Politics

Thomas Sowell speaks to TheDC about the financial crisis, health care, and his ideological transformation from Marxism to conservatism

TheDC: Should we be concerned about the trade deficit? And in that vein, China: friend or foe?

TS: I don’t think nations have friends. They do have foes. In some respects China is a foe and in some respects it is not. The whole idea of friendship between nations just grates to me. When I hear that phrase it is like hearing chalk scraping across a blackboard. I cringed when George W. Bush spoke of, “my friend Vladimir Putin.” Countries don’t have friends, they have alliances for the convenience of the moment, and when the moment passes they have different alliances.

The trade deficit is not something I would lose a lot of sleep over. If you look at history, for example during the Great Depression of the 1930s we had a trade surplus every single year. It didn’t help us get out of the Great Depression. By the same token, during the prosperity of the nineties we had a trade deficit every year, and that didn’t stop the prosperity. Those words [trade deficit] have a lot more emotional impact than they have economic impact.

TheDC: Politicians make a lot of noise about the large gap between the “rich” and the “poor” and how “unfairly” income is distributed — a CEO making more than a teacher, etc. How do we justify, do we need to justify, such discrepancies in income and is the gap between the “rich” and the “poor” a big deal?

TS: One of the things that is sad about this is people don’t even define what they mean by rich and what they mean by poor. They usually talk in terms of comparing two different income brackets. And the problem with that — when you are comparing income brackets, or any other statistical category, you are not necessarily comparing flesh and blood human beings and that is because people move from these brackets, from one to another, over the course of their lifetime. So most Americans are in the bracket defined as “poor” when they start out, in their entry level jobs, and somewhere in their peak, sometime in their fifties or sixties, they are in one of the brackets the media and others call “rich.” But they were not rich or poor in either case.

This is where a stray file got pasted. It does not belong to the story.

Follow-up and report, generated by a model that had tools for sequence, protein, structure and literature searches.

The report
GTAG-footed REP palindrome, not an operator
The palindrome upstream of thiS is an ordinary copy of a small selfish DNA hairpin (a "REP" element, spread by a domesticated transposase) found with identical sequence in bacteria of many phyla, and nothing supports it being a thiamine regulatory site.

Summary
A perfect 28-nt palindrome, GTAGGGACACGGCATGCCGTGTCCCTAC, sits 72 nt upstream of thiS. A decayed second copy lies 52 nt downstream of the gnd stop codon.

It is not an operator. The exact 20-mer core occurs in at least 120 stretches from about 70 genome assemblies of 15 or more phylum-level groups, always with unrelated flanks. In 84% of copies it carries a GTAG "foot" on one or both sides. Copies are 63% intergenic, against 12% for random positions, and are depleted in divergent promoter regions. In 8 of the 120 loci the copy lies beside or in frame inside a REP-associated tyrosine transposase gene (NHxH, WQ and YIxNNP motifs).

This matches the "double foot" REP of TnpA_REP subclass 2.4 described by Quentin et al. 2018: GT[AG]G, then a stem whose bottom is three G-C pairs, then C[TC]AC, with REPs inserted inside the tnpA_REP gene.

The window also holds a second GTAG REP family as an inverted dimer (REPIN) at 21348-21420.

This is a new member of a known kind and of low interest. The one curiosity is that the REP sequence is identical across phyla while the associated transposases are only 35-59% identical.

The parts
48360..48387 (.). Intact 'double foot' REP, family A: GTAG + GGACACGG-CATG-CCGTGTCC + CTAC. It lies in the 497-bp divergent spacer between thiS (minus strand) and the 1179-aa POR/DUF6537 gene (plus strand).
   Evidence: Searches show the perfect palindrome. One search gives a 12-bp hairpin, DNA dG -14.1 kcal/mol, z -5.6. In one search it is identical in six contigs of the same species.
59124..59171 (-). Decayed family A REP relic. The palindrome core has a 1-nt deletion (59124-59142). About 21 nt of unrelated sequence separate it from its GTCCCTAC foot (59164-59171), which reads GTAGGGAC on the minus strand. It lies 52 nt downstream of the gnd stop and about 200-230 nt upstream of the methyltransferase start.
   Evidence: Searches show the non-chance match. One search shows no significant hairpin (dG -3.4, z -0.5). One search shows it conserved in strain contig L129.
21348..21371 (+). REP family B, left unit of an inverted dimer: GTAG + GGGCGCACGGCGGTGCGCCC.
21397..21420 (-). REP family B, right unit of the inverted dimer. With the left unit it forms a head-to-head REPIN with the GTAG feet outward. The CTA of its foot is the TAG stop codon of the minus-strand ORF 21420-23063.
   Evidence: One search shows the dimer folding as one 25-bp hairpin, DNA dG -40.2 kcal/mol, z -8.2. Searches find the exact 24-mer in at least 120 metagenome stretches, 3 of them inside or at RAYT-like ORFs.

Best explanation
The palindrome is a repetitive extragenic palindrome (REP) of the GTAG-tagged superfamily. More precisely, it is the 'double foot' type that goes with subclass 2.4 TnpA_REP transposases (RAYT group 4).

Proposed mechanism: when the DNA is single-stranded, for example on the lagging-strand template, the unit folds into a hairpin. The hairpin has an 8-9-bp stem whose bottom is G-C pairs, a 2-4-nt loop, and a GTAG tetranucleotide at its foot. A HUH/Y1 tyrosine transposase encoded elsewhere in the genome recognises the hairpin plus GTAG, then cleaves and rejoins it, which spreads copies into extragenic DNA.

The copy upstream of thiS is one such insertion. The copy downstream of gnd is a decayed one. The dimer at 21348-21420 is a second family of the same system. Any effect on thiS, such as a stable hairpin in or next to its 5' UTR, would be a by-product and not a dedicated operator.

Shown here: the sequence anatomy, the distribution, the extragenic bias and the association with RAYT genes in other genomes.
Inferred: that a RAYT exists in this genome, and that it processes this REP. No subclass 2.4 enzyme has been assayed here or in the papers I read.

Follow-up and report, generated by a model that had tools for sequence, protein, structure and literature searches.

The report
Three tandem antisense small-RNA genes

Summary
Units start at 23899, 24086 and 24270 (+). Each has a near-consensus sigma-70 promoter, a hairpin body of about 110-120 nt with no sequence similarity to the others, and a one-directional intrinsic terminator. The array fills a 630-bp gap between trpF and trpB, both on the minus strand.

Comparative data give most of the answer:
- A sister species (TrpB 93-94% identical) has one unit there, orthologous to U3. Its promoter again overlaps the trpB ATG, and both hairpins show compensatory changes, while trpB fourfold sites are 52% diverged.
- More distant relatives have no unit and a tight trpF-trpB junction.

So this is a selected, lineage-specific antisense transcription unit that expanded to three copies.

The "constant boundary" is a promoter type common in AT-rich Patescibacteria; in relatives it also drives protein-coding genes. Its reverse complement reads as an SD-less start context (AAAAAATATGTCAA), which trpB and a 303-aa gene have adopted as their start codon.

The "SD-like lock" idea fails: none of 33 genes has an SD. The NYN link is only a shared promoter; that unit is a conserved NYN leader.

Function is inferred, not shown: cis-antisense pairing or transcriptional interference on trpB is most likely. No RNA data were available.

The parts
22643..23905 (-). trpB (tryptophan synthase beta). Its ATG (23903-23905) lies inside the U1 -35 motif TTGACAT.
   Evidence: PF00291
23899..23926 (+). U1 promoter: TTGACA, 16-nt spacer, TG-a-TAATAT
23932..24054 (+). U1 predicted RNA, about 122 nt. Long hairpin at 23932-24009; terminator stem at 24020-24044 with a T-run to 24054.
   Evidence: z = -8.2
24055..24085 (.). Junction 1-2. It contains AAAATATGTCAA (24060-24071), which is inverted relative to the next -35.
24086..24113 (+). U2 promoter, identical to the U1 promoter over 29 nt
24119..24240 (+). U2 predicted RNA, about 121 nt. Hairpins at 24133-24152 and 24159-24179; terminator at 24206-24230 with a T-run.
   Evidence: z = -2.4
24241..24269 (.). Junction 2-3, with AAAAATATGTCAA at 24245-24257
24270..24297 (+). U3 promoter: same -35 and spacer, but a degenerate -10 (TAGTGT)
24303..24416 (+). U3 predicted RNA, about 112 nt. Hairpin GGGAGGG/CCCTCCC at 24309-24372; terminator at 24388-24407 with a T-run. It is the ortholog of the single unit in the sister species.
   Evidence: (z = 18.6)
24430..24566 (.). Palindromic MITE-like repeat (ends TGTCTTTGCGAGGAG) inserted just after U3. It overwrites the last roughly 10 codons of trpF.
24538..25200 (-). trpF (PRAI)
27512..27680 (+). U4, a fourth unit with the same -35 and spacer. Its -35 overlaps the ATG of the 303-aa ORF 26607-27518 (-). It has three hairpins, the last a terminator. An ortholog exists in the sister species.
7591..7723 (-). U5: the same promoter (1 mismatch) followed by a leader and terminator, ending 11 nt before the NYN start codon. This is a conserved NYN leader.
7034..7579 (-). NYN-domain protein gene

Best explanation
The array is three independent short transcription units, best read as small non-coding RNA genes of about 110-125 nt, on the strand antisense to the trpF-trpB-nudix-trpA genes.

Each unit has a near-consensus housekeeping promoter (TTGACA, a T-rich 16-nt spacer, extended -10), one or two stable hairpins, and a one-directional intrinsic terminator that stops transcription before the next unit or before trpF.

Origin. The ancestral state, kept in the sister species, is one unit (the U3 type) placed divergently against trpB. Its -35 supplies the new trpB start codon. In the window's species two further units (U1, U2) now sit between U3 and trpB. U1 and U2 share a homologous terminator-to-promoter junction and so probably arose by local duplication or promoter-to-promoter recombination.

One of the true hallmarks of dishonest statistics are citations of household income. And that is because households contain radically different numbers of people from one income class to another, from one time period to another, from one race to another, etc. For example in the top 20 percent of households there are 64 million people, in the bottom 20 percent there are 39 million people. So we are comparing apples and oranges from the beginning. If you talk in terms of people who work, there are more heads of households that work in the top 5 percent than there are in the bottom 20 percent. So how big of an injustice is it that people who work have more money than people who don’t work?

Age is huge in these things. Most of the people who are at or near the minimum wage are from 16 to 24 years of age. We do not need a government program to stop them from staying 16 to 24, they are going to grow out of that regardless of what the government does. So a lot of this is frankly just hogwash.